the know-nothing investor

…money doesn't grow on trees, you know?

Month: March, 2015


After I settled each asset allocation I went searching for the equivalent ETF. Because US ETF market is much bigger and offers an enormous variety of funds compared to Europe I decided only to buy US ETFs.

My primary goal was to find ETFs with lowest expense ratio possible, but I also took a peek at market capitalization. Coincident or not, low expense ratios are normally associated with big market caps. In the long run every expense counts.

To define what to buy I used an ETF database and through a simple search of categories I quickly gathered an ETF portfolio, with different asset classes and geographical diversification.

It had passed 7 month since I had quit short-term trading. That was the time I took to learn about ETFs, long-term investing, multi-asset portfolio and how to make one. This was the result:



The expensive ratio is really low with a figure of just 0.17. This means that in a 10 000 usd value portfolio 17 usd will be used in management costs by the ETF issuers. Try to beat this mutual funds!

I was also glad to confirm that the Vanguard ETFs were the ones with lower expense ratios, meaning that Mr. John Bogle’s investing philosophy is still nurtured in his company, which sadly isn’t the mainstream policy in financial business.

The most expensive ETF is the commodity one, DBC – PowerShares DB Commodity Index Tracking Fund, but this was expectable because of contango effect. There were others cheaper, but I wasn’t very fond of their market caps, so I decided to go with the most valued one.

Vanguard also have a cheaper ETF for big american caps instead of SPY, but choosing between them represented less than $0.5 and this allowed me to be exposed to more ETF issuers. It’s also neat to have the benchmark in my portfolio for performance purpose.

Another particularity is that instead of having only one ETF for US stocks, normally it’s choose an ETF for small cap value equities because they have better historical returns, I rather divided it three small, medium and big caps. I like the a idea of following a company’s growth, from small to big cap.

This time it would be different I would make money. I would use my short term knowledge and market-timing for perfect entries. Knowing that if I failed, time would ill mistakes. Although this time I wouldn’t do that kind of mistakes.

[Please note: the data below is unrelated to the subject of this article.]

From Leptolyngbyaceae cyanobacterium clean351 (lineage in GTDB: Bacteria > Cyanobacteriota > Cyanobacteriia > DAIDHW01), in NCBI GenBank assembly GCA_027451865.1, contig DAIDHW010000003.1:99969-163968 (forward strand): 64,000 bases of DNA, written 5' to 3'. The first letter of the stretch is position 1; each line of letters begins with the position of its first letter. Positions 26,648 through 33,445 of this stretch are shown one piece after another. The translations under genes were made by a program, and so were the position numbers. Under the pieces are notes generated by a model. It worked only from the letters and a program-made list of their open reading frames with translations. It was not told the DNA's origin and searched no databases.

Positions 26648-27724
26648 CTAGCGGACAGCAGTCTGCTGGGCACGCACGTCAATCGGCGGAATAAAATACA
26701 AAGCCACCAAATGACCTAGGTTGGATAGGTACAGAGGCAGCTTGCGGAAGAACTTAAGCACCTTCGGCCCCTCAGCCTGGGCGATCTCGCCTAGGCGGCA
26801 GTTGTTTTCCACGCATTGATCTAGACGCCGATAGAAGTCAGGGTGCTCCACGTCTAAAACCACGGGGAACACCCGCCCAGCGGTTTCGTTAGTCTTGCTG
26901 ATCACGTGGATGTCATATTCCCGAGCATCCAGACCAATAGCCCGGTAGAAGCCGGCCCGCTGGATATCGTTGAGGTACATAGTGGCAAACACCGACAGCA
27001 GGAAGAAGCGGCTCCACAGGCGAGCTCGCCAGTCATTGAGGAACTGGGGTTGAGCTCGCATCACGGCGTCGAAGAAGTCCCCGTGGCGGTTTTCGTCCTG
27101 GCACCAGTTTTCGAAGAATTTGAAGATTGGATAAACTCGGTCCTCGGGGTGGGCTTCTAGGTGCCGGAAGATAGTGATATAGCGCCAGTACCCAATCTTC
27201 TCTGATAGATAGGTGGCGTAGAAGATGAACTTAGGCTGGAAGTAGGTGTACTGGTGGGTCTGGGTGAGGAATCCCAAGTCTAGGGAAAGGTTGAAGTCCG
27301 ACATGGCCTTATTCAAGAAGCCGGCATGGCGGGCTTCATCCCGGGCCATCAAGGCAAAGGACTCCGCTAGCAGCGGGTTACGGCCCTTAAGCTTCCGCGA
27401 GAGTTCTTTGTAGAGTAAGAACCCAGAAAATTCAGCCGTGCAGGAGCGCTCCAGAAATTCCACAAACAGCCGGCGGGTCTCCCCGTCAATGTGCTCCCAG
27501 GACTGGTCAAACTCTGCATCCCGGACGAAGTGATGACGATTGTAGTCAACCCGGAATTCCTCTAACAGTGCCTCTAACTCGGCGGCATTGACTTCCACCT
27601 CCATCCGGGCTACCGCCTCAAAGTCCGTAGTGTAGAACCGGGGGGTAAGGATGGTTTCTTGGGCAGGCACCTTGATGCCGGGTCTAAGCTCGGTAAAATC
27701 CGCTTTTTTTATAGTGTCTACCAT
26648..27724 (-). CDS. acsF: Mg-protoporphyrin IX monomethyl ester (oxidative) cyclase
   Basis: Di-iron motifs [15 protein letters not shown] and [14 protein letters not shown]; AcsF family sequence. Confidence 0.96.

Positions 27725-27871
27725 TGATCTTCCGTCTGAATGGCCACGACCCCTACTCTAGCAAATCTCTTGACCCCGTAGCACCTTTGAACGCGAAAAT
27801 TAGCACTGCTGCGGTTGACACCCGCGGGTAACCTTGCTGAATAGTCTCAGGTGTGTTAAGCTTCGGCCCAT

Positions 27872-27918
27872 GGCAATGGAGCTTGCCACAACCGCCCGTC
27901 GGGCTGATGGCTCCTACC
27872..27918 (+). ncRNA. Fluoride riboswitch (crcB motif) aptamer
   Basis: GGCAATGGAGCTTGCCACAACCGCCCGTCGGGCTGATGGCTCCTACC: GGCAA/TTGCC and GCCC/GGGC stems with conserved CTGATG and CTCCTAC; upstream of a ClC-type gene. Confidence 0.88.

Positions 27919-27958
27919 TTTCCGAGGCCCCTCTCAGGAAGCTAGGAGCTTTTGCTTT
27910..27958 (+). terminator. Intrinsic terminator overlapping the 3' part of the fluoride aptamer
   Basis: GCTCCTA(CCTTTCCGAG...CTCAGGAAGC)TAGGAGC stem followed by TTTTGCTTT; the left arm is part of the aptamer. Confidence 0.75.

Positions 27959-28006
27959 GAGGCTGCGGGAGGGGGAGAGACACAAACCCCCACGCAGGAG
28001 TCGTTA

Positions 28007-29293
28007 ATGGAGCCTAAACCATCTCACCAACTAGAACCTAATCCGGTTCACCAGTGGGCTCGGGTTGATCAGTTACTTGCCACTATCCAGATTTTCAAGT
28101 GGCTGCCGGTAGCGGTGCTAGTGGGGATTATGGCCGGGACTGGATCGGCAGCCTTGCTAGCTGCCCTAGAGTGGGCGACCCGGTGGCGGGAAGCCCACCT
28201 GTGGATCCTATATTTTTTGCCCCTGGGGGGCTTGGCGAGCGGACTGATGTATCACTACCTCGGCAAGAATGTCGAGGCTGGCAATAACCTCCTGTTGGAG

I had the money, I knew what ETFs to buy, I was a fresh customer of an US based broker. I had it all. Once again I was so full of myself that I forgot passed lessons and bought all the ETFs in one week and then the market went for a correction.

Oops I did it again…



iShares –  iShares 20+ Year Treasury Bond ETF – TLT

iShares  – iShares TIPS Bond ETF – TIP

SPDRButon– SPDR Barclays Intermediate Term Treasury ETF – ITE

VanguardButon– Vanguard REIT ETF – VNQ

iShares – iShares Gold Trust – IAU

Invesco– PowerShares DB Commodity Index Tracking Fund – DBC

VanguardButon– Vanguard FTSE Emerging Markets ETF – VWO


VanguardButon– Vanguard Mid-Cap Value ETF – VOE

VanguardButon– Vanguard Small-Cap Value ETF – VBR

VanguardButon– Vanguard FTSE Pacific ETF – VPL

VanguardButon– Vanguard FTSE Europe ETF – VGK



At this point I had identified what type of assets to have, but I didn’t know how much of this or of that should I allocate in my portfolio. Instead of eeny, meeny, miny and moe the assets I started profiling myself as an investor. How much risk could I take, could I handle 30% drawdown pain or what should be my goal about rates of return, were some of the questions.

I must admit that a 30% drawdown is scary but I consider myself mentally strong to bear a 20% drawdown for one or two year. On the other hand, I would like to have an annualized rate of return of more than 10% for at least 30 years. If you become greedier you’ll have bigger drawdowns and you’ll never know if you’ll be hit by a black swan event when your portfolio is down by 40% and you need your money back. Stay humble.